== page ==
Indians Should Consider All Options With Justin Masterson
In a world where Scott Kazmir can parlay ten wins over a three-year span into a 22 million dollar contract, one has to wonder if the Indians will ever spend what it will take to keep an elite pitcher. The risks of a long-term deal for any pitcher are obvious, but any team that wants to enjoy a sustained run of contention needs to either pay successful pitchers to stick around or generate a steady supply of talent from its farm system.
While it is possible to fantasize about a rotation of Salazar, Kluber, Bauer, Carrasco and McAllister being under team control for at least the next four years and being strong enough to keep the Indians in contention throughout that time, the odds of all five of those guys staying healthy and reaching their potential are long, to put it mildly. And there is little depth behind them in the farm system if the need arises.
So the Indians need to do something by the end of the 2014 season to address the rotation or risk the possibility of being doomed to mediocrity because of it.
In my mind, there are three options:
- Sign Ubaldo Jimenez to a multi-year contract.
- Sign Justin Masterson to an extension.
- Trade Masterson for one or more pitchers we can control for several years.
- Bonus: Sign Ubaldo for one year, giving you the leverage to trade Masterson immediately.
Trading Masterson now would give the team that trades for him the ability to receive a draft pick if they lose him as a free agent after this season. If the Indians trade him in June the team that gets him would risk losing him with no compensation. This should increase the quality of the package the Indians receive in return, which is essential, because whoever they get will need to be ready to take Jimenez’ spot by 2015 at the latest.
While it would be nice to have Masterson for one more year, it seems obvious that at the end of that year you will get only a draft pick for him. It would be much better to get a player who is closer to being ready for the major leagues, and could thus blend in with the young pitchers already on the roster to form a strong rotation for the next 3-4 years.
It is, of course, questionable whether Jimenez would take a one-year deal. Doing so would put him at risk of being in precisely the same position a year from now, because there would be no guarantee that he would not be offered a qualifying deal again. Jimenez’ inconsistency is another reason that he would be unlikely to take a one-year deal; it has to be in the back of his mind that he could revert to his 2012 self and end up working for fifth-starter wages for the rest of his career. But if Jimenez doesn’t get the deal he wants within the next couple of weeks, he may decide that his best play is get as much as he this year and try again next year. If that happens, I believe the Indians should be willing to spend up to $15-million to secure him for next year.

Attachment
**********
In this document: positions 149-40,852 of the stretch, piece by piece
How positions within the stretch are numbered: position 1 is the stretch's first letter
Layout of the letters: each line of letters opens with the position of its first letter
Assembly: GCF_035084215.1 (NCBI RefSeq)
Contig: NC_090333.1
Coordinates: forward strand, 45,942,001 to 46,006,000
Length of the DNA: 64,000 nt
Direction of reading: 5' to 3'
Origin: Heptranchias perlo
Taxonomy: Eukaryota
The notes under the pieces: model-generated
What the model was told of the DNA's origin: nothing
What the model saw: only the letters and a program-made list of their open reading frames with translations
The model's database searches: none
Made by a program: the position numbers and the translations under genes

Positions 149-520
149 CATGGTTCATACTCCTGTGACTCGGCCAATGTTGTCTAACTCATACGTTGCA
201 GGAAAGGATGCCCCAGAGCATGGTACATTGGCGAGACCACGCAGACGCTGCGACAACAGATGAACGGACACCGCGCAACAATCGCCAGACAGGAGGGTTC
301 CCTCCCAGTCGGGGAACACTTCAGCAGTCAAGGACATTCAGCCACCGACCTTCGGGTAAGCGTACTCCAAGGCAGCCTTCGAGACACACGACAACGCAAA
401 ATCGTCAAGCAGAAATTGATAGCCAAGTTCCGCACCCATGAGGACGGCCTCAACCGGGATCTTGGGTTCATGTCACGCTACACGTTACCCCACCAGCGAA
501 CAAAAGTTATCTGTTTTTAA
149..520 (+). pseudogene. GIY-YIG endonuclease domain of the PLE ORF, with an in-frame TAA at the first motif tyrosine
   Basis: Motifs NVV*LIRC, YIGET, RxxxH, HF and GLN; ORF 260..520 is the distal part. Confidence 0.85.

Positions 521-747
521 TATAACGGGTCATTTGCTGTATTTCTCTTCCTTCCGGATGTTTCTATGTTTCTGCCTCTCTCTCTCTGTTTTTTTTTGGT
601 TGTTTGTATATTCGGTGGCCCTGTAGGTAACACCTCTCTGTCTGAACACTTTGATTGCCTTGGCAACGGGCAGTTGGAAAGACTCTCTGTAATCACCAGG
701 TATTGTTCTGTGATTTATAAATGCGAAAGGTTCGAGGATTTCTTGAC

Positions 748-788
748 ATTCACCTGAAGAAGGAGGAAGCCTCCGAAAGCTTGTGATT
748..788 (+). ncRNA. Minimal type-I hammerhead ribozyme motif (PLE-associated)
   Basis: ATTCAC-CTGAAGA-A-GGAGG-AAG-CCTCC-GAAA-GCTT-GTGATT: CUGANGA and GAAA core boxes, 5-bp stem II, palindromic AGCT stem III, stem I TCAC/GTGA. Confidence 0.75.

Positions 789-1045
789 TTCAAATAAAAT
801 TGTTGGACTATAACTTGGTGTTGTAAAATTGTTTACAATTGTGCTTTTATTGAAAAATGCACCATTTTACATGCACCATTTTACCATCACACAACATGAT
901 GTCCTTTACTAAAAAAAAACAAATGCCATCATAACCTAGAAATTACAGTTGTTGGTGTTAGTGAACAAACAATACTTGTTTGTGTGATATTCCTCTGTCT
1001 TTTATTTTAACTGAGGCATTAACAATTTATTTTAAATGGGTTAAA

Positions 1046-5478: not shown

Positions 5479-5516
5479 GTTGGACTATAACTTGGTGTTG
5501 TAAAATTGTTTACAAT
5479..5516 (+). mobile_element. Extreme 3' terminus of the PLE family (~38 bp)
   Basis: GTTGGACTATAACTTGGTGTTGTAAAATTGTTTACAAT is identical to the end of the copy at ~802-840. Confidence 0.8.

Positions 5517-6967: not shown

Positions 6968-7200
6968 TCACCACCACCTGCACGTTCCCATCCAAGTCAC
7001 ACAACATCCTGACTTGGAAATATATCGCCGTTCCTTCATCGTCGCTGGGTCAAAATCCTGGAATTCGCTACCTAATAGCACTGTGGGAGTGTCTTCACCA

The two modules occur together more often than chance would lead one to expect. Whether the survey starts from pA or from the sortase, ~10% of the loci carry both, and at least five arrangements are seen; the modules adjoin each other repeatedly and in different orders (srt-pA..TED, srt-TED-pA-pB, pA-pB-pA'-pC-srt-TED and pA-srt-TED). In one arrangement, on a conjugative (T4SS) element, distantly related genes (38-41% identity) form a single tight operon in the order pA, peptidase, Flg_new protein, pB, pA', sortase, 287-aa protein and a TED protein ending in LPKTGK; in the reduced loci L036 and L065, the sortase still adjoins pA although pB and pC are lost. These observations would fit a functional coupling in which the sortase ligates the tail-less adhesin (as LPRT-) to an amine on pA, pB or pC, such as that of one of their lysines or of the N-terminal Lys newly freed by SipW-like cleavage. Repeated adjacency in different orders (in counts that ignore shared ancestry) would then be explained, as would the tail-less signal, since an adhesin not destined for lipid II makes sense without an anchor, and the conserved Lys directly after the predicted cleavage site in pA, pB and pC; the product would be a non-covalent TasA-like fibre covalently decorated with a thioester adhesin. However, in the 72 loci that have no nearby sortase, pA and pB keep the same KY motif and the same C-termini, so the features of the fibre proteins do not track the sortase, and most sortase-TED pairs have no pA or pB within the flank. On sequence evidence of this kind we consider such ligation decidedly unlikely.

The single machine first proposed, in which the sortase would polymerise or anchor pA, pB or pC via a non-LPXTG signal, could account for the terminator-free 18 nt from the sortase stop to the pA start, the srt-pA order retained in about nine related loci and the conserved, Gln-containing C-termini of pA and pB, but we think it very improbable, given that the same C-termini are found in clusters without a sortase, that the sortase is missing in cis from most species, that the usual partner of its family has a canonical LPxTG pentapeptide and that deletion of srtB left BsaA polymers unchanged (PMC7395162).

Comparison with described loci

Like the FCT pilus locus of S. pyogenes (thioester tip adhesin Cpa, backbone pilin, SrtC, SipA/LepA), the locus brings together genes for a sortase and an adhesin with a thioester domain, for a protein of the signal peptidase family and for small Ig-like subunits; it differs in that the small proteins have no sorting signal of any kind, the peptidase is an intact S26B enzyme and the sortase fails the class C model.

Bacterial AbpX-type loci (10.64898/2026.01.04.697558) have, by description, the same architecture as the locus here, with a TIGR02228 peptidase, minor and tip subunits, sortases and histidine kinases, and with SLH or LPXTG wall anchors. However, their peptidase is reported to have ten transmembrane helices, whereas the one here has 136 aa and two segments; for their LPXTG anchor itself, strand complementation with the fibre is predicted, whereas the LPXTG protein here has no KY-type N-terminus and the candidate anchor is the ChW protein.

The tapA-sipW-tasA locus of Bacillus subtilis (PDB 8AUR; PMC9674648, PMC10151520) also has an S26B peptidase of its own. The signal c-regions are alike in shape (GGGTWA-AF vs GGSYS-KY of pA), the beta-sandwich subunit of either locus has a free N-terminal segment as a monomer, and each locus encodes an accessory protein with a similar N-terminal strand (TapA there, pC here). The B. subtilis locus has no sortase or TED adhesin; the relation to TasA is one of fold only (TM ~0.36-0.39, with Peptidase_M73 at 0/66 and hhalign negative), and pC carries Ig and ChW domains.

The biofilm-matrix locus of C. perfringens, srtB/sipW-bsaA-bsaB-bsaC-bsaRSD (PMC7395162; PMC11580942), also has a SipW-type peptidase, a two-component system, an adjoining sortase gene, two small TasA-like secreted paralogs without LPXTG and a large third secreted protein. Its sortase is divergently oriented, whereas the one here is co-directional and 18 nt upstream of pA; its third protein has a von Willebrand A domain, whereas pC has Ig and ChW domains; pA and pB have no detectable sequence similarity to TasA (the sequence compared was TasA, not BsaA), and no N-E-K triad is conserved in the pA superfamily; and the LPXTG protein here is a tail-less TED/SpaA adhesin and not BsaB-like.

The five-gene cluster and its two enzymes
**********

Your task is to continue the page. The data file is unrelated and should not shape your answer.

Doing this would enable the Indians to flip Masterson for assets that they can control for a number of years. The Oakland A’s have done this several times, moving Dan Haren, Gio Gonzalez and Brett Anderson in recent years for younger pitchers who were in many cases able to step in and keep the team in contention. This is a good strategy for teams that can’t spend 100 million on payroll, because it increases the likelihood of having enough depth in the pitching staff to withstand injuries or lean years of prospect development. If the Indians determine that they cannot afford to keep Justin Masterson beyond this season, they should strongly consider this course of action.
The tougher question would be if the Indians should deal Justin Masterson if they are unable to secure Ubaldo Jimenez or a similar pitcher as a stopgap. My inclination is to say no, unless they can secure in return someone who is ready immediately. Even then, the opportunity to do something special this year would take priority over building for the future. While a general manager gets paid to make sure he can sustain success for the next several years, the reality is that 2014 may be the best shot the Indians have to win anything in this decade. A team lacking a true ace at the front of its rotation starts its season a step behind the other contenders. If I couldn’t acquire someone of similar talent as a short-term replacement, I would hang on to Justin Masterson and go for it this year.